Brady's Bunch

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New York Times Chairman Emeritus Arthur Ochs "Punch" Sulzberger, a Marine captain who served in both WWII and the Korean War, hosted an intimate reception atop the newspaper tower the other evening for the Marine Corps Scholarship Foundation, which raises college scholarship money for children of Marines, especially those who've died in combat. Dr. Kissinger was among the guests and Punch had columnist Bill Safire as speaker. Safire got off one great line and offered one scoop. The scoop? That the next chairman of the Joint Chiefs will be a Marine, either General Jim Jones, the NATO supreme commander, or Peter Pace, now the vice-chair. Then Bill talked about attending this spring's Gridiron Club dinner in D.C. with Mr. Bush and the other biggies, and where the Marine Corps band plays the various military anthems, at which old Marines or old soldiers and sailors rise and are applauded. This year amid a roomful of men who, artfully, never served, there seemed fewer veterans in the white-tie audience and the current Times publisher, Arthur Sulzberger Jr., whispered to Safire, "the only tune they could play to get everyone in this room on his feet would be 'Where have all the flowers gone?'"

Lil' Kim found guilty! Mark McGwire had a better week.

Is Larry King's voice changing? Those Welch's Grape Juice radio ads seemingly feature a "new" Larry, not that familiar growl.

I'm also puzzled by that long New York Times piece by Lia Miller to effect Fairchild's WWD is spinning off a new high-end quarterly called WWDScoop. But they've had a gloriously "high end" mag called W since the early '70s. No mention of that.

I first met and listened to Bobby Short, who died last month, at a Hollywood joint called the Celebrity Club in the summer of 1954. The big song that season was "Hey There" from "The Pyjama Game," and no one, not even John Raitt, ever sang it better. I've since interviewed Bobby for Parade and on WCBS-TV and gone up many times to the Hotel Carlyle to catch that familiar, throaty singer/pianist at his incomparable best. Ave atque vale!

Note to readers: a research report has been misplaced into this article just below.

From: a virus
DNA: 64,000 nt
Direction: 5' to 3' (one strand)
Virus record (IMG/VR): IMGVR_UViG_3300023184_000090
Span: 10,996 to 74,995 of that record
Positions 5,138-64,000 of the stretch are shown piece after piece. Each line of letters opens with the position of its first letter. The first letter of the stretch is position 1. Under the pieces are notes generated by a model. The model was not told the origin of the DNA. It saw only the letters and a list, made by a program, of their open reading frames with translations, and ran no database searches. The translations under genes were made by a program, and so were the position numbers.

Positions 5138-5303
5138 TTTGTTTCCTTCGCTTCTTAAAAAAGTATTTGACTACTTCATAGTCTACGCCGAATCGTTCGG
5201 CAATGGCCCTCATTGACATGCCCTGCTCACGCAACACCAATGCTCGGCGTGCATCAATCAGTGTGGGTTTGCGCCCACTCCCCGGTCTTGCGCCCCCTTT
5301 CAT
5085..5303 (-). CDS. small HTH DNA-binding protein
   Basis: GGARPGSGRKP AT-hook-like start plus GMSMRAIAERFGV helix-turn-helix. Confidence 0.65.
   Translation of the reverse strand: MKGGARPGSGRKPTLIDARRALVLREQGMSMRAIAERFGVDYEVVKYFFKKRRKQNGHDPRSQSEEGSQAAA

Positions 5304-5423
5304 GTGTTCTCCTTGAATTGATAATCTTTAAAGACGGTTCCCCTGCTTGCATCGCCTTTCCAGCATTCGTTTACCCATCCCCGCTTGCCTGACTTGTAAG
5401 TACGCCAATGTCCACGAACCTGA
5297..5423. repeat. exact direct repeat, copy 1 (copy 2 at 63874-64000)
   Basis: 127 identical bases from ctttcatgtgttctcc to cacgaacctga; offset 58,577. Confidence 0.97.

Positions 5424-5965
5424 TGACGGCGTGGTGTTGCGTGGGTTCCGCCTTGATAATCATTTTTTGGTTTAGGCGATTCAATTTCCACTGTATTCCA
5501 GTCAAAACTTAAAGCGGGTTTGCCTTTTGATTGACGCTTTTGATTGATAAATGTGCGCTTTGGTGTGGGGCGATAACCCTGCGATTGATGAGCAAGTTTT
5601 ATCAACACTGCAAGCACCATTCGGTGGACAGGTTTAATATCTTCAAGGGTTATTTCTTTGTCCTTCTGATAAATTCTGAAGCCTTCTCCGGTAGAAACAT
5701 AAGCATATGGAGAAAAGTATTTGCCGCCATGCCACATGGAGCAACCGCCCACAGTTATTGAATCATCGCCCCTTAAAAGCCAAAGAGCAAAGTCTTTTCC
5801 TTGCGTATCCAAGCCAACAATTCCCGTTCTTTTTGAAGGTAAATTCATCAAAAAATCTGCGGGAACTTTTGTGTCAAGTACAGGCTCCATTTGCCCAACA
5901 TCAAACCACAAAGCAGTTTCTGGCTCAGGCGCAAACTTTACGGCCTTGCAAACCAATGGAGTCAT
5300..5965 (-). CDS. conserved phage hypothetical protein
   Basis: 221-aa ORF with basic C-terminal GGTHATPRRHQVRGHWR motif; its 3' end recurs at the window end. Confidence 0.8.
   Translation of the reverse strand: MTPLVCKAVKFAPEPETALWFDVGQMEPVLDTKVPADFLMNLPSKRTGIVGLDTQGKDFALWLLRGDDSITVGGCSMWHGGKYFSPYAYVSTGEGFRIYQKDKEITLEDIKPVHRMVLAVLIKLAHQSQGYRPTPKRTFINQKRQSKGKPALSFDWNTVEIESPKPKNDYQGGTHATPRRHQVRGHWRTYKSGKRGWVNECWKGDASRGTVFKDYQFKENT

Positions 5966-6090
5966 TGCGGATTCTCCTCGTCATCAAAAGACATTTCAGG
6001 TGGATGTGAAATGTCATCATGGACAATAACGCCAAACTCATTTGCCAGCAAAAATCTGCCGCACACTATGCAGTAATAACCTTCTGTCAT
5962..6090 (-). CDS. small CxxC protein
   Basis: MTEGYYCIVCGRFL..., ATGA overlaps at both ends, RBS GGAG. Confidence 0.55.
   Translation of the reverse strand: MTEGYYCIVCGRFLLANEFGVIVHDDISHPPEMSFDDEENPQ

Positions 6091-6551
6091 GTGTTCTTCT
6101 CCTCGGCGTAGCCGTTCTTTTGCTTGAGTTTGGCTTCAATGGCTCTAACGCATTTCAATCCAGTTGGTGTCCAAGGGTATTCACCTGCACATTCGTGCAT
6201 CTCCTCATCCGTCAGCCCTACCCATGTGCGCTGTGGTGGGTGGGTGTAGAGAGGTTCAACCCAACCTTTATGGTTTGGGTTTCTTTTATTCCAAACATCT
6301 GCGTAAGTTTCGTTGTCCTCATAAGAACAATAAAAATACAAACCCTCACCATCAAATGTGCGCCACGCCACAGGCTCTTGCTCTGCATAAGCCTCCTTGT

The Atlantic, which just grabbed another handful of National Magazine Award nominations, scores again. In a deft literary stunt editor Cullen Murphy will run a series by French writer and thinker Bernard-Henri Levy who criss-crossed America recently "in the footsteps of Alexis de Tocqueville."

When the time comes to pull my plug, please keep Tom DeLay out of the sickroom.

Is Rex Reed in love? Master of the truly eviscerating film review, he drools over Kevin Costner's latest in the New York Observer.

Jim Brady's latest book was published last week by St. Martin's Press. "The Scariest Place in the World: A Marine Returns to North Korea" earns a cover blurb from Tim Russert, a "superb" from Liz Smith, and Kirkus Reviews calls it a "graceful, even elegant, and always eloquent tribute to men at arms in a war, that in a way, never ended."

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